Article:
Every company, big or small, has its own culture. But how do you approach building culture in a remote team?
The company culture is like the personality type of the company. It defines the atmosphere in which people work. Culture includes several elements such as the mission, expectations, assumptions, work environment, ethics and values.
If your team fits in within the company culture, they will feel that their values are consistent with those of the company and as a consequence they will be happier and will enjoy much more their work.
Building a culture is something that should be done intentionally, for both co-located and remote teams. It is such an important success factor that you should really spend some time thinking about the type of culture you want to build.
However if you have a remote team, there are a few things you need to take into account.
Why? Because a physical office can provides visual cues that will speak about your company’s culture without saying a word. An open floor plan may speak to a high level of transparency. Designated areas to relax might speak to a well-being culture.
However, remote teams don’t have any of these visual cues and must rely on whatever it is explicitly communicated to them.
You cannot expect your new hires to absorb the culture just by working with your remote team as it would happen in a co-located one. They don’t have that 5 minutes chit chat in the kitchen over a cup of coffee. Nobody smiles at them in the corridor after they’ve done something great.
So what can you do to build a great culture in a remote team?
1. Hire employees who stand for your values.
When working remotely, the team is not working face to face so they don’t have the chance to observe and absorb the norms and the unspoken language. Therefore it can be harder to detect if someone is not a good fit.
Hiring problem solvers and self motivated individuals is almost always a safe bet. The combination of these skills with the company’s values and the training provided will most likely give great results.
2. Create an on-boarding process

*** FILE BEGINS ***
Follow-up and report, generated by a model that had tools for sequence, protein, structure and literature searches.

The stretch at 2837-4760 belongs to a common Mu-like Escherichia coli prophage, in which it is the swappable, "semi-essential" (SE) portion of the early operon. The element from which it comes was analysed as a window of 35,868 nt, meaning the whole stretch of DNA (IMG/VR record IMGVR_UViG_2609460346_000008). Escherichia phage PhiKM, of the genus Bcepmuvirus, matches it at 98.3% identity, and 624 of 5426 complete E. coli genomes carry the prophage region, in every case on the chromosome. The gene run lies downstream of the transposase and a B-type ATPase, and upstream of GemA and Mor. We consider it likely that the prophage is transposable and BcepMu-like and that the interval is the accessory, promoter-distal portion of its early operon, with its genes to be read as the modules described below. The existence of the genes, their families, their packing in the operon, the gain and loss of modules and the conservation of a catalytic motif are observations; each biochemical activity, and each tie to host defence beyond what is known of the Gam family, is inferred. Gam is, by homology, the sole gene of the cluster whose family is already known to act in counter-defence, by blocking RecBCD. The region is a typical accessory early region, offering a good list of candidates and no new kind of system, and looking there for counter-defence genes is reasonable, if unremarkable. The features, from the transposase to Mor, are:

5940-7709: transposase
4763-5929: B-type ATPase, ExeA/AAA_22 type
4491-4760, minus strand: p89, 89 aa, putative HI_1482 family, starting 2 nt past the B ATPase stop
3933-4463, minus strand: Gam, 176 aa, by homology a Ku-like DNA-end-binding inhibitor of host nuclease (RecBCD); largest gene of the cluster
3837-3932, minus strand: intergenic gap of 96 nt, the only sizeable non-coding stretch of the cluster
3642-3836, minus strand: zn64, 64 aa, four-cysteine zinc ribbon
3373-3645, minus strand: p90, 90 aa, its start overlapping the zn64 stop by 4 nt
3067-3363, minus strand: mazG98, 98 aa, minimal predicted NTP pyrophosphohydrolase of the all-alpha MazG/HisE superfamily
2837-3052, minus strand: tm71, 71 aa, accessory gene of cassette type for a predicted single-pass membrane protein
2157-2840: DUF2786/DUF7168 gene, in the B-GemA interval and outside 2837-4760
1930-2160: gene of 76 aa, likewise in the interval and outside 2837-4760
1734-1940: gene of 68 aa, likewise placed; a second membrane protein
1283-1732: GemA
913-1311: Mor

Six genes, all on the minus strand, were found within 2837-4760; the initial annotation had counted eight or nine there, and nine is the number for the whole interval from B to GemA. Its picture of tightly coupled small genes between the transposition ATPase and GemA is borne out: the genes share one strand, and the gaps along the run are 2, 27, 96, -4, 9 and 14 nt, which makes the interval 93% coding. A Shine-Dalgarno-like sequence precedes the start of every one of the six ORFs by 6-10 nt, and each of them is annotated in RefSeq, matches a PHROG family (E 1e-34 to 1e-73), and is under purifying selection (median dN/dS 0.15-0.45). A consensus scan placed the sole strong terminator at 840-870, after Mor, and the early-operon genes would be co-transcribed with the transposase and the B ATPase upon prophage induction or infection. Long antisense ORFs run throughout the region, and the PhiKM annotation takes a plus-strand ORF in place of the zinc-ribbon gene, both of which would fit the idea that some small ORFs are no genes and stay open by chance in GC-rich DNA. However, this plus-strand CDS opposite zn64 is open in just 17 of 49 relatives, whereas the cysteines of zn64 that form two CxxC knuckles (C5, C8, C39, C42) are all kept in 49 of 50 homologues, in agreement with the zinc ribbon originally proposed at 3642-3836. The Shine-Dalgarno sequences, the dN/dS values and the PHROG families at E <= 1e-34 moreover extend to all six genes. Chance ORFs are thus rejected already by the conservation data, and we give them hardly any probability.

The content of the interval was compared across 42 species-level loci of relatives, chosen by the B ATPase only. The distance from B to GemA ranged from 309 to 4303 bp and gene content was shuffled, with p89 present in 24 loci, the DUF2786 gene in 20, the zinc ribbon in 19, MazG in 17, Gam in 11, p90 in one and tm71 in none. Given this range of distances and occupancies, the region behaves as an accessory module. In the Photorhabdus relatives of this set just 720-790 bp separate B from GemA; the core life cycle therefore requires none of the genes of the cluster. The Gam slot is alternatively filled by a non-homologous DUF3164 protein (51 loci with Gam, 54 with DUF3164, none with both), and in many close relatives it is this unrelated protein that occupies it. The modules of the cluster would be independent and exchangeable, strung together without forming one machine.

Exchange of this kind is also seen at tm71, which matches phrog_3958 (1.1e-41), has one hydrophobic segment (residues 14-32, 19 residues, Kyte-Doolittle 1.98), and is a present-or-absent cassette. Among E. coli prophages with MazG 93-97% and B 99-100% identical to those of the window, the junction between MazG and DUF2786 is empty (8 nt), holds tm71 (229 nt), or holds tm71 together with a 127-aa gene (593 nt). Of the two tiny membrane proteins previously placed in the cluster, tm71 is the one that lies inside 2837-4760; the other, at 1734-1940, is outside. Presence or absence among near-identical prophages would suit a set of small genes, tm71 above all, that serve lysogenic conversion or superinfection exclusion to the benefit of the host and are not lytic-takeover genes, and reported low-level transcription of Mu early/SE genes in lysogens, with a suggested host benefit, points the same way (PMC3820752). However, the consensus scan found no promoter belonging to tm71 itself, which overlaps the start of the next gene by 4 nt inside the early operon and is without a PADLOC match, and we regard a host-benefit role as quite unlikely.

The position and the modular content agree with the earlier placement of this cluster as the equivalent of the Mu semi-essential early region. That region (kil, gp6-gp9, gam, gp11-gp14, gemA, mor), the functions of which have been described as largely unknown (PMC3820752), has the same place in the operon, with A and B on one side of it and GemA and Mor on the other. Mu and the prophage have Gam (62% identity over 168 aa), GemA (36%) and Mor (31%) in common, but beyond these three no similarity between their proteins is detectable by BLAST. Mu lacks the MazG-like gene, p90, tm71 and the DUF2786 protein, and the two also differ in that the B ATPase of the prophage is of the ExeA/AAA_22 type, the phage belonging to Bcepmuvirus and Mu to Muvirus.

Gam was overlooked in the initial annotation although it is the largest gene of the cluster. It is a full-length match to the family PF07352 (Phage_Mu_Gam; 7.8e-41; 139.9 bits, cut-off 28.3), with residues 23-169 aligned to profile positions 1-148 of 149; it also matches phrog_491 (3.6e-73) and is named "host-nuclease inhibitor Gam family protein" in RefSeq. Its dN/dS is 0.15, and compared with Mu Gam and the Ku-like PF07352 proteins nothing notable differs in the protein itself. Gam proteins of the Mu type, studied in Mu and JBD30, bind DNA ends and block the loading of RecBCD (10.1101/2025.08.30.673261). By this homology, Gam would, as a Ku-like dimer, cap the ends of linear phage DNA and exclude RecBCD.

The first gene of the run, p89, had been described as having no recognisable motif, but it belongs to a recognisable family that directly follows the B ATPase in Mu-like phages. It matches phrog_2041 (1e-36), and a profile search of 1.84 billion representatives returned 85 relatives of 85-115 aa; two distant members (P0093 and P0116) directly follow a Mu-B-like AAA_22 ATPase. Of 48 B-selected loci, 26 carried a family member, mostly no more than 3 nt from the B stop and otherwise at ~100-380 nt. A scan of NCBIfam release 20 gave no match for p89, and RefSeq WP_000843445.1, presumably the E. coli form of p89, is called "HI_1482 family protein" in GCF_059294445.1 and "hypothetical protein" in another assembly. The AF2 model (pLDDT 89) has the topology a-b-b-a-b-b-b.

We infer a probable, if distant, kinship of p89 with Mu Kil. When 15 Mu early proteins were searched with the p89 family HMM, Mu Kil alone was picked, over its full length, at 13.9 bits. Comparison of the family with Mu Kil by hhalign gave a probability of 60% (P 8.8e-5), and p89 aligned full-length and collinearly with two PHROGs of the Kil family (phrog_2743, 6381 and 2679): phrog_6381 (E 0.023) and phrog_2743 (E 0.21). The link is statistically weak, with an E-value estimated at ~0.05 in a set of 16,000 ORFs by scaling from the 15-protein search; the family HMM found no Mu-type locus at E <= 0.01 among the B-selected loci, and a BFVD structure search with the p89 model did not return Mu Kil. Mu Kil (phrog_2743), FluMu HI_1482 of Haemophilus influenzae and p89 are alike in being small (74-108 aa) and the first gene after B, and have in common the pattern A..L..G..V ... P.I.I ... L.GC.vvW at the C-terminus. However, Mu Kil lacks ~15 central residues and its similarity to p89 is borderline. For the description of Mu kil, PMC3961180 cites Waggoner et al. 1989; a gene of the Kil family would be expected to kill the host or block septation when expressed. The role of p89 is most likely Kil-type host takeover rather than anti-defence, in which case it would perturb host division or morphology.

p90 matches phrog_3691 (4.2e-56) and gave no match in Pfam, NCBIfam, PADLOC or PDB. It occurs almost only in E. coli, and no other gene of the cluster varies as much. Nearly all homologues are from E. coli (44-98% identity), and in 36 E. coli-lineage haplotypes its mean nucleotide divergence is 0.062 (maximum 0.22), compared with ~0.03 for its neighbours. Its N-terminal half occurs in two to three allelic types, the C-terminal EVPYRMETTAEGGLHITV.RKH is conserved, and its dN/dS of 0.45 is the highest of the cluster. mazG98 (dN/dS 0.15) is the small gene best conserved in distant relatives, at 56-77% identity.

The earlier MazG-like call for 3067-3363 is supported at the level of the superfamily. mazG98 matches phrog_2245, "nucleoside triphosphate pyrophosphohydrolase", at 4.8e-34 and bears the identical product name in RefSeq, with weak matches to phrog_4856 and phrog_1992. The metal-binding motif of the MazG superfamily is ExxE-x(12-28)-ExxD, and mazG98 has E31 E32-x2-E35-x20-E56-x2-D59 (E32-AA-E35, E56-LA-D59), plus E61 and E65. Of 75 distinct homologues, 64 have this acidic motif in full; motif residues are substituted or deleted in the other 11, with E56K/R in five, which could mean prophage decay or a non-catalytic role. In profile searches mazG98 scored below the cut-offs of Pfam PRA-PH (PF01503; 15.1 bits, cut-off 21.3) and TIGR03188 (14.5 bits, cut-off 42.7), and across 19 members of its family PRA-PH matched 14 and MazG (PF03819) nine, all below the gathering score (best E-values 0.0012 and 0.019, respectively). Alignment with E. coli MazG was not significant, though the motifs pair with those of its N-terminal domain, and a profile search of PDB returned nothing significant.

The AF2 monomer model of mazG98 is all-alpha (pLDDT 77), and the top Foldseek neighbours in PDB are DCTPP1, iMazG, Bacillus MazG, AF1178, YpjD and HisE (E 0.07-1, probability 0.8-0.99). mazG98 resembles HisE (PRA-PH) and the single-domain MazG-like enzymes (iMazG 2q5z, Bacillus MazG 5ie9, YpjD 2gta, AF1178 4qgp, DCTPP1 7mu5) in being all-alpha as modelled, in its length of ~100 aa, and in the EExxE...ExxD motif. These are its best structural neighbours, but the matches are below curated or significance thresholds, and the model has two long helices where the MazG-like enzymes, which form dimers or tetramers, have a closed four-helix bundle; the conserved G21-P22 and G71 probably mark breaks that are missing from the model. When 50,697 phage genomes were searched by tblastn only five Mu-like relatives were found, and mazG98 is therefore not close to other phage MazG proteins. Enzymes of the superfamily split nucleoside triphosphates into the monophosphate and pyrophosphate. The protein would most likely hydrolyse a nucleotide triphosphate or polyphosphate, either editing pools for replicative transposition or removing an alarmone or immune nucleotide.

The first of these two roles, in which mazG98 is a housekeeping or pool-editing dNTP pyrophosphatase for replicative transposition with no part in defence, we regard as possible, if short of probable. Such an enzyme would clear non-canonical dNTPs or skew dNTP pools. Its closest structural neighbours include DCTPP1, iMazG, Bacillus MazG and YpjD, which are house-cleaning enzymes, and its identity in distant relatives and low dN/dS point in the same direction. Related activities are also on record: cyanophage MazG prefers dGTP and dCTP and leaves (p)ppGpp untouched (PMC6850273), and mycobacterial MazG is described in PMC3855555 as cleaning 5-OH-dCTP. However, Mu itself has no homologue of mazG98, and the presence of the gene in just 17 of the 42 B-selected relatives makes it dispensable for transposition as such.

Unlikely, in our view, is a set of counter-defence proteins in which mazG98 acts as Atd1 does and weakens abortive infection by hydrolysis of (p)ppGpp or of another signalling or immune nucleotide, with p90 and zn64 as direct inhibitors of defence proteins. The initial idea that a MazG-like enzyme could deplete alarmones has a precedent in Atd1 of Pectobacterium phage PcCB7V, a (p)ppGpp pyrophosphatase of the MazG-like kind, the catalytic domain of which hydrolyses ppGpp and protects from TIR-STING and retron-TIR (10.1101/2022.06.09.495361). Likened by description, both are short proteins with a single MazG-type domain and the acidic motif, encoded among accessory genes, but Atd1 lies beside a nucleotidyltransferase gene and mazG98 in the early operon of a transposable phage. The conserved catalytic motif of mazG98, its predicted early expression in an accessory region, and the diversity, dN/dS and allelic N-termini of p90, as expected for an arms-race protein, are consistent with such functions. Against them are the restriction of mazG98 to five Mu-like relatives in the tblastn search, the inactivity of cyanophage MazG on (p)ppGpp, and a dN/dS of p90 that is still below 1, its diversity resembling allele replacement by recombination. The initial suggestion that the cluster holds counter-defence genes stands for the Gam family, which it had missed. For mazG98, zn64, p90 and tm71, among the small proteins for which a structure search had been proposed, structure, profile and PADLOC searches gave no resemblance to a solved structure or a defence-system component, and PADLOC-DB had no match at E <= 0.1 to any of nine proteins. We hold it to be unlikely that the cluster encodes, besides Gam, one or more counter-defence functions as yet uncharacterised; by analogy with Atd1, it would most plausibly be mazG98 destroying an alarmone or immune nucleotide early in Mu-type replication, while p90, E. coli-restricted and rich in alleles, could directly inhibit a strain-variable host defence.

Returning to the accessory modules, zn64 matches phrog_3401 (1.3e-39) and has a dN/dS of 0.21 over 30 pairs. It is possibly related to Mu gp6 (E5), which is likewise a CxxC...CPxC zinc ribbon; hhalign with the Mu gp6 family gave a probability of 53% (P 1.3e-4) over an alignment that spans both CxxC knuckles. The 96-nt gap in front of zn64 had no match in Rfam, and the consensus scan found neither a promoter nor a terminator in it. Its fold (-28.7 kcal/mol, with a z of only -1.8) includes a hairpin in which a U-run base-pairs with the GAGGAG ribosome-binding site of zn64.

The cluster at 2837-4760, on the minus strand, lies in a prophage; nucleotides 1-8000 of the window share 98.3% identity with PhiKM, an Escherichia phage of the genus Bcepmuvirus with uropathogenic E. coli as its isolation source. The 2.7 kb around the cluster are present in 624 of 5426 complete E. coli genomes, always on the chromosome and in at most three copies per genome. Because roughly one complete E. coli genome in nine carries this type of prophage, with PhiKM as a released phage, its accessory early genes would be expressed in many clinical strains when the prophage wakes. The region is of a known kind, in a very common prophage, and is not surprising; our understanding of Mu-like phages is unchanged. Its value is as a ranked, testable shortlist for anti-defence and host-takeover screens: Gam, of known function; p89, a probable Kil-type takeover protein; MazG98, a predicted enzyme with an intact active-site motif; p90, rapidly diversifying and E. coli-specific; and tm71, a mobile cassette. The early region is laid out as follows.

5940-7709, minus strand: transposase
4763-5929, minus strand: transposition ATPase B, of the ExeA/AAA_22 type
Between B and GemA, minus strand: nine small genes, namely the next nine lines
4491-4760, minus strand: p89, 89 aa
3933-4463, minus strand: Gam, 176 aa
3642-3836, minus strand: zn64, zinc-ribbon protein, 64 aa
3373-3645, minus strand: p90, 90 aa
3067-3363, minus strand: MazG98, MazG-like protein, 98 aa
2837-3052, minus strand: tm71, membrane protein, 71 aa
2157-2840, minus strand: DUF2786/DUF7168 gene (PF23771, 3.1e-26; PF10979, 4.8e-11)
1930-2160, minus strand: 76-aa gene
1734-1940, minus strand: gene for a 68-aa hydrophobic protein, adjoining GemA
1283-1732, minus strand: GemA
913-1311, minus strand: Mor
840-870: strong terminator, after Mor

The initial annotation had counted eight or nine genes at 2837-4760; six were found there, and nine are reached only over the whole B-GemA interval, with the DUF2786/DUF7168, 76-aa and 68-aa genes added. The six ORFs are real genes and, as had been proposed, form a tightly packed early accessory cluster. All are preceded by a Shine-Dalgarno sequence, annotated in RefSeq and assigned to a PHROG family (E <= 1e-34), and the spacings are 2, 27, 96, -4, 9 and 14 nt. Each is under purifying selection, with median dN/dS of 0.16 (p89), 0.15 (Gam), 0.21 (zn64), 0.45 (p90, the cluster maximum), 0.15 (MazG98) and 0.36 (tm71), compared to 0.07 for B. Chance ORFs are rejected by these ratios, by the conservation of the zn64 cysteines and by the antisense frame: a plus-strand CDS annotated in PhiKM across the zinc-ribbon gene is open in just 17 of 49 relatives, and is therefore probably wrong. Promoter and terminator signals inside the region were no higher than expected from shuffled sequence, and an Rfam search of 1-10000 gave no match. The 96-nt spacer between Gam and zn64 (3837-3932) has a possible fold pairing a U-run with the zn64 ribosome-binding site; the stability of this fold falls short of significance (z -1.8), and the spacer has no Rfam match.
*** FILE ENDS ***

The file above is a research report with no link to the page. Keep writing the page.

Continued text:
On-boarding usually takes a week or two. Your main goal should be to make your new team member feel welcome as well as make them understand that communication is the core value of the company.
Have face to face meetings where you will go through your values and rules. Make sure they have the tools to communicate with their own team as well.
A good idea is to create an on-boarding board in Trello for each new employee where you cover the background of the company and lay out all important tasks for the new employee to complete during the first days (mostly paperwork). You should also cover and give access to any projects the new hire will be working on as well as explain workflows, priorities and what’s expected of them.
3. Have regular meetings
Meetings need to happen often and managers should involve all team members to inspire and lead. The tone should be clear and honest to avoid miscommunication or missing critical information.
Meetings should go beyond status updates in order to create a cohesive bond between team members.
4. Use a chat tool
A great tool like Slack can do wonders for your company’s communication. However make sure your team don’t use emojis or sarcasm in excess as it can lead to misinterpretations and confusion.
For example if I post a question and someone replies with a checkmark, what does it mean? Does it mean that the answer to my question is yes? Does it mean that they have read my question and they are looking for an answer? Does it mean that they are telling me that is a valid question?
As you can see a single checkmark can create a lot of stress and confusion.
5. Always try to use video
I’ve worked with people for months and I’ve never seen their faces, allegedly because their internet wasn’t working well or for some other reasons (excuses?). Honestly, we are human beings, not robots, and we have technology to bring us closer together even if we are a thousand miles away.
Showing your face makes the team trust you and it is key for building a great culture in a remote team. Moreover, seeing your facial expression and reactions to comments and questions adds emotion and a more human touch to conversations.
Using video keeps the team more focused and active during any meeting.
6. Give public recognition.
A shout out during a meeting for a job well done will really boost your employee’s motivation. By doing that you will be showing the whole team that you care and that you have no problem in giving recognition to others.
You don’t have to wait for the next meeting as you can also give a shout out via chat which would be a great way for the rest of the team to also express their congratulations (which can also be expressed with emojis!)
I hope these tips are helpful for you to build a great culture in your remote teams. Let me know in the comments if you have ever struggled with this and what did you do to solve it.
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